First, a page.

Struggling Esprit to close more than 40 shops in Europe

Retailer is hammered by net loss of US$121.9 million for second-half of last year, compared with a net profit of US$7.79 million for the same period in 2016

PUBLISHED : Wednesday, 28 February, 2018, 9:57pm
UPDATED : Wednesday, 28 February, 2018, 10:14pm

Once the darling of both the fashion world and the capital markets, Hong Kong-listed fashion house Esprit Holdings found itself struggling in the second half of last year, as it continues to be hit by a weaker-than-expected performance by its bricks-and-mortar stores in countries including China.

The company reported a net loss of HK$954 million (US$121.9 million) for six months ending December 31, its own first-half recording period, compared with a net profit of HK$61 million (US$7.79 million) for the same time in 2016, while revenue was hit with a 3.4 per cent drop year on year to HK$8.03 billion, compared with HK$8.32 billion.

The decline in its China business in recent years, as well as larger-than-expected drops in second quarter revenue ending December 31 were blamed as the major causes of the net loss.

The Hong Kong-based retailer founded in 1968 in the US generates around four-fifths of its revenue from European countries including Germany.

But in the past five years it has turned its focus to the China apparel market, which is valued at around US$300 billion.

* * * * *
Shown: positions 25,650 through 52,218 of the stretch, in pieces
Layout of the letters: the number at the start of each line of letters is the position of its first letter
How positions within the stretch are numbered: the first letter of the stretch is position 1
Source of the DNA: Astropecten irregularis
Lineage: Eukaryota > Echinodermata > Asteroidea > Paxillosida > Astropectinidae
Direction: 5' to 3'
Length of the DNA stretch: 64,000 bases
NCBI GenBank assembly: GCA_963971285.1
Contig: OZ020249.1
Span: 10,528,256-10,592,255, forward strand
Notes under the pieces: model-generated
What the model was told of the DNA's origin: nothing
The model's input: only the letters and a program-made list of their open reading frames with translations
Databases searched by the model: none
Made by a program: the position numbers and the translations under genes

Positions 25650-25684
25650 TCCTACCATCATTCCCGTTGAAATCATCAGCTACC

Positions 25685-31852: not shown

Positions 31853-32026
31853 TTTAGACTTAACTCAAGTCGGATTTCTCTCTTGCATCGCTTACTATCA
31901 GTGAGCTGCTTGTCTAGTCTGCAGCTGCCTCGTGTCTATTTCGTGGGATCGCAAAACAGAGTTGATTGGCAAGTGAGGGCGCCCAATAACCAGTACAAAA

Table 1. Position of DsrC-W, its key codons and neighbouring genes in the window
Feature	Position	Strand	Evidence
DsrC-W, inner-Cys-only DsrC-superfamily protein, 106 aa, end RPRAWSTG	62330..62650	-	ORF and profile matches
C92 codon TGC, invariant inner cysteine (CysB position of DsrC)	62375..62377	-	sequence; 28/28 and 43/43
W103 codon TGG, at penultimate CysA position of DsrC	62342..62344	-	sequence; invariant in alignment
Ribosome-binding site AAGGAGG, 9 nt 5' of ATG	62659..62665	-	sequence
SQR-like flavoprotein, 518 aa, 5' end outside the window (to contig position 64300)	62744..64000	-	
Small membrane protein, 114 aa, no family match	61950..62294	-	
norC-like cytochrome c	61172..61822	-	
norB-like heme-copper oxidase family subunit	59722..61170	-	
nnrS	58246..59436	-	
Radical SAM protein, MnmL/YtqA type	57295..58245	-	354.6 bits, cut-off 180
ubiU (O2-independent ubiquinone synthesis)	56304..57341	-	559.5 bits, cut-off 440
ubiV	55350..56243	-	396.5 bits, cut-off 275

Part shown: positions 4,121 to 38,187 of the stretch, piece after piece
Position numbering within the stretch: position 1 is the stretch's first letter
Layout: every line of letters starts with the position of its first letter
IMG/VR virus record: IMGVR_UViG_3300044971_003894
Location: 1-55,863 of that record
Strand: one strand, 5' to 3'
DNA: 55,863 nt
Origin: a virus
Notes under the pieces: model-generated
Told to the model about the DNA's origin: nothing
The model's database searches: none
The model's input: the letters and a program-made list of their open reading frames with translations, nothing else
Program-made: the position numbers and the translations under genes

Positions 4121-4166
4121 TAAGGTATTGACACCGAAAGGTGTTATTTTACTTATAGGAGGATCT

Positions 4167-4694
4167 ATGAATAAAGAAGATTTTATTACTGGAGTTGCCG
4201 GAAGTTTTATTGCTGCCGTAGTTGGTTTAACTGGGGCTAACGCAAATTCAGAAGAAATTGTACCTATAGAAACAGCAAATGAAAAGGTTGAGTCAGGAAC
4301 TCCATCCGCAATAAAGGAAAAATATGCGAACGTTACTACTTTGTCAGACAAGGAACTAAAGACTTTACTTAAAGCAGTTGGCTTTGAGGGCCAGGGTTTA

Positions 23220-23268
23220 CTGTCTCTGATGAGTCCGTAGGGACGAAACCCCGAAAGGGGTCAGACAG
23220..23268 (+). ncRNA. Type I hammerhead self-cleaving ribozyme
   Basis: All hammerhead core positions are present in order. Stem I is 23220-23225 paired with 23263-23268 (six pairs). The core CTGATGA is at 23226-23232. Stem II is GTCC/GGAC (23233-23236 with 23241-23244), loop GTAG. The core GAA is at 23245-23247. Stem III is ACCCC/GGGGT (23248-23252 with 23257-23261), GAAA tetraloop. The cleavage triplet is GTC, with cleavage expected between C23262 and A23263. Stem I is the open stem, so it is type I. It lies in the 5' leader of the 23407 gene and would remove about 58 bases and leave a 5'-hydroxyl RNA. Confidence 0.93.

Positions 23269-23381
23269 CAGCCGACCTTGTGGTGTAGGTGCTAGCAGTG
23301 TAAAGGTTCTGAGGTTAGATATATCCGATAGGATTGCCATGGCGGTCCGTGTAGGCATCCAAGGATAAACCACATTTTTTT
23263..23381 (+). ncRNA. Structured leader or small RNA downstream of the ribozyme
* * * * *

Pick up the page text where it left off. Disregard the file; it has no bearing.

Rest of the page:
We will try to save as many [jobs] as we can. Sometimes we will transfer employees working at the closed shops to other stores, or open smaller stores beside the closed ones
Jose Manuel Martinez, chief executive officer, Esprit

The company hit its prime after 2007, when it recorded its 15th consecutive year of double-digit growth, but has since been facing rising competition from e-tailers and a more sophisticated clientele in China, who have changed their focus from price to design.

As part of its turnaround strategy it plans to close more than 40 “heavy loss-making” shops in “core” European countries, or make around a 10 to 15 per cent reduction in its controlled space in these countries, according to Jose Manuel Martinez, the chief executive officer, who refused to reveal the number of jobs that might be affected due to the closures.

“We will try to save as many [jobs] as we can. Sometimes we will transfer employees working at the closed shops to other stores, or open smaller stores beside the closed ones,” he said.

In addition to the closures in Europe, Esprit is also to shut flagship stores in Hong Kong, eyeing smaller spaces with higher traffic, according to Thomas Tang, the executive director and chief financial officer.

“We have every intention to find new locations, which will be a bit smaller,” said Tang.

“We do not need 20,000 square feet of space, but sites more modest and better located.”

Tang did not specify which flagship spots the company is to close. It has shops in the city’s prime areas of Central, as well as one on the bustling shopping streets of Causeway Bay.

The company said it wanted to shift from growth to profitability this year, with less discounts of products a major part of the plan, as well as a new product line in the pipeline, that will be “more appealing to younger Chinese consumers”, including items by Hong Kong and mainland Chinese designers, according to Martinez.